Shigetaka Kurita. Emoji. 1998-1999

Shigetaka Kurita Emoji 1998-1999

  • MoMA, Floor 1

In 1999 the Japanese mobile phone company NTT DOCOMO released a set of 176 emoji for mobile phones and pagers. Designed on a twelve-by-twelve-pixel grid, the emoji—a portmanteau of the Japanese words e, or “picture,” and moji, or “character”—enhanced the visual interface for NTT DOCOMO’s devices and facilitated the nascent practice of text messaging and mobile email. Drawing on sources as varied as Japanese graphic novels, the typeface Zapf Dingbats, and common emoticons (simple faces that computer users made out of preexisting punctuation marks), Kurita, a designer at NTT DOCOMO, included illustrations of weather phenomena, pictograms like the heart symbol, and a range of facial expressions.

The shift toward concise, telegraphic correspondence that began with the advent of email in the 1970s accelerated dramatically when messaging moved to mobile devices. People had even less space and time to get their point across, and the conveyance of tone and emotion became both more difficult and more urgent. Emoji, when combined with text, allow for more nuanced intonation. Filling in for body language, they reassert the human within the deeply impersonal, abstract space of electronic communication. Now, with more than 2,600 in use, emoji have evolved far beyond NTT DOCOMO’s original set into an essential, global, and increasingly complex companion to written language. Nonetheless, the DNA for today’s emoji is clearly present in Kurita’s humble pixelated designs.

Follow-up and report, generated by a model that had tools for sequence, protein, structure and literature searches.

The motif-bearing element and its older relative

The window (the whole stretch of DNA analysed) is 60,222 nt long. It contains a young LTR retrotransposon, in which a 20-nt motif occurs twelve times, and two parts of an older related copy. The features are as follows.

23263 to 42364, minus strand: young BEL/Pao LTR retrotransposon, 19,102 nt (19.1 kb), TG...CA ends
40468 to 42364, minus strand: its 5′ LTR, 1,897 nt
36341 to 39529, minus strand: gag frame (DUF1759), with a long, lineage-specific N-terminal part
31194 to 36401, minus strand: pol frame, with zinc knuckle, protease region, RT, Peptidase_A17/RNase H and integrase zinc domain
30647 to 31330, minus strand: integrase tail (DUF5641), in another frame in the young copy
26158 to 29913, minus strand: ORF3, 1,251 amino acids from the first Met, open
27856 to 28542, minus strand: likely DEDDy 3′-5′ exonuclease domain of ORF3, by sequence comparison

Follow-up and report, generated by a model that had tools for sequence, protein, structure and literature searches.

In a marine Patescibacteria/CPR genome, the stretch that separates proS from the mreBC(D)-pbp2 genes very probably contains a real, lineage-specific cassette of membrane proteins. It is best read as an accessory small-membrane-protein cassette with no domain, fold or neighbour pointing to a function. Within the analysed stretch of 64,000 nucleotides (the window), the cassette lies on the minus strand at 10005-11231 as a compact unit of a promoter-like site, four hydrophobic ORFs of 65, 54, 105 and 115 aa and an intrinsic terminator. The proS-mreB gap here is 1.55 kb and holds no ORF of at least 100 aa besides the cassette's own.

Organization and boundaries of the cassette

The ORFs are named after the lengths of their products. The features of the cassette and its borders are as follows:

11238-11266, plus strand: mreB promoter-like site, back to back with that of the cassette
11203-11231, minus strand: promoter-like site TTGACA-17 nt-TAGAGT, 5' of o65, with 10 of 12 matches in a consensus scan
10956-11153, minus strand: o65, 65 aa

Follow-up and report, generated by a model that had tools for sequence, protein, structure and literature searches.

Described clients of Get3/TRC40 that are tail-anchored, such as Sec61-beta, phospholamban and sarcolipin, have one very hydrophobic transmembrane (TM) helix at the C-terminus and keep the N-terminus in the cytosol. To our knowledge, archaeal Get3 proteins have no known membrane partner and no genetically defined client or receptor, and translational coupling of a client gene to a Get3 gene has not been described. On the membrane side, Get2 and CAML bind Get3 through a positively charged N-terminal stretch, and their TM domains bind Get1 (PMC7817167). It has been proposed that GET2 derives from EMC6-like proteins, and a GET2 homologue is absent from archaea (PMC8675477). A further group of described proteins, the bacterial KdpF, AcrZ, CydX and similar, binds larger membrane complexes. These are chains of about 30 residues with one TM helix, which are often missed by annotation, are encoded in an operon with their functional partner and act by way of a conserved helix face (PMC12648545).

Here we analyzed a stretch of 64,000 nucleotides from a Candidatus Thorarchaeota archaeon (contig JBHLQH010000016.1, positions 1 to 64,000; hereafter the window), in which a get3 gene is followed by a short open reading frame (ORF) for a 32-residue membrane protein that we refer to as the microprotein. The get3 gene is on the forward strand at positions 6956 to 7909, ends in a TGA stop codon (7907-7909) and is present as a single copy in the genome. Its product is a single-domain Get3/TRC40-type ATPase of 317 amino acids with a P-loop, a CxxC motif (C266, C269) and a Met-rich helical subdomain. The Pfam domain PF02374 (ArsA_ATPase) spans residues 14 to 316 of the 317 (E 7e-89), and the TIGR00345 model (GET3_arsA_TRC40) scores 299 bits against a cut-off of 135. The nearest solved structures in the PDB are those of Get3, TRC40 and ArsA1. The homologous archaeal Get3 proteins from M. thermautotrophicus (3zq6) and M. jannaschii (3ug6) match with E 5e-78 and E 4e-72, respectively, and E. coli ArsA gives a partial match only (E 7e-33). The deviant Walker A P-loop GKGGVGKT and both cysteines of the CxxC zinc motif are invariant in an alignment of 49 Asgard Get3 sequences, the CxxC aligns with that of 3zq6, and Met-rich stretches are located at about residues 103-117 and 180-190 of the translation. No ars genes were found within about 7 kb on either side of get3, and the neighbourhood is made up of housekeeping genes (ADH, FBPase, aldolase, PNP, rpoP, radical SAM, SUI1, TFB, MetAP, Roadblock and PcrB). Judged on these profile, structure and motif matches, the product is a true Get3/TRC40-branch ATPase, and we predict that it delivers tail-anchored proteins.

Publication excerpt from MoMA Highlights: 375 Works from The Museum of Modern Art, New York (New York: The Museum of Modern Art, 2019)
Additional text

In 1999 the Japanese telecom NTT DOCOMO released the original 176 emoji (e meaning “picture” and moji “character”) for mobile phones and pagers. Designed on a simple 12 × 12 pixel grid by Shigetaka Kurita, emoji enhanced the visual interface for DOCOMO’s devices and facilitated the rise of the nascent practice of text messaging and mobile email. Drawing on varied sources including manga, Zapf dingbats, and commonly used emoticons (simple faces made out of pre-existing glyphs), Kurita’s set included illustrations of weather phenomena, pictograms, and a range of expressive faces. Simple, elegant, and incisive, Kurita’s emoji planted the seeds for the explosion of a new visual language.

The shift toward concise, telegraphic correspondence that began with the advent of email in the 1970s accelerated dramatically when messaging moved to mobile. The abridged nature of mobile communication tends to obscure tone and emotion. Emoji, when combined with text, allow for more nuanced intonation. Filling in for body language, they reassert the human in the abstract space of electronic communication.

Today, with nearly 1,800 in use, emoji are an increasingly complex companion to written language. Kurita’s emoji are powerful manifestations of the capacity of design to alter human behavior. Just as the design of a chair dictates our posture, so, too, do the designs of various formats of electronic communication shape our voice. Although emoji have advanced far beyond Kurita’s original 176 designs, the DNA for today’s emoji is clearly present in Kurita’s humble, pixelated, seminal designs.

Gallery label from Inbox: The Original Emoji, by Shigetaka Kurita, 2016.
Manufacturer
NTT DOCOMO, Inc.
Medium
Digital image
Dimensions
Dimensions variable
Credit
Gift of NTT DOCOMO, Inc
Object number
961.2016
Copyright
© 2021 NTT DOCOMO
Department
Architecture and Design
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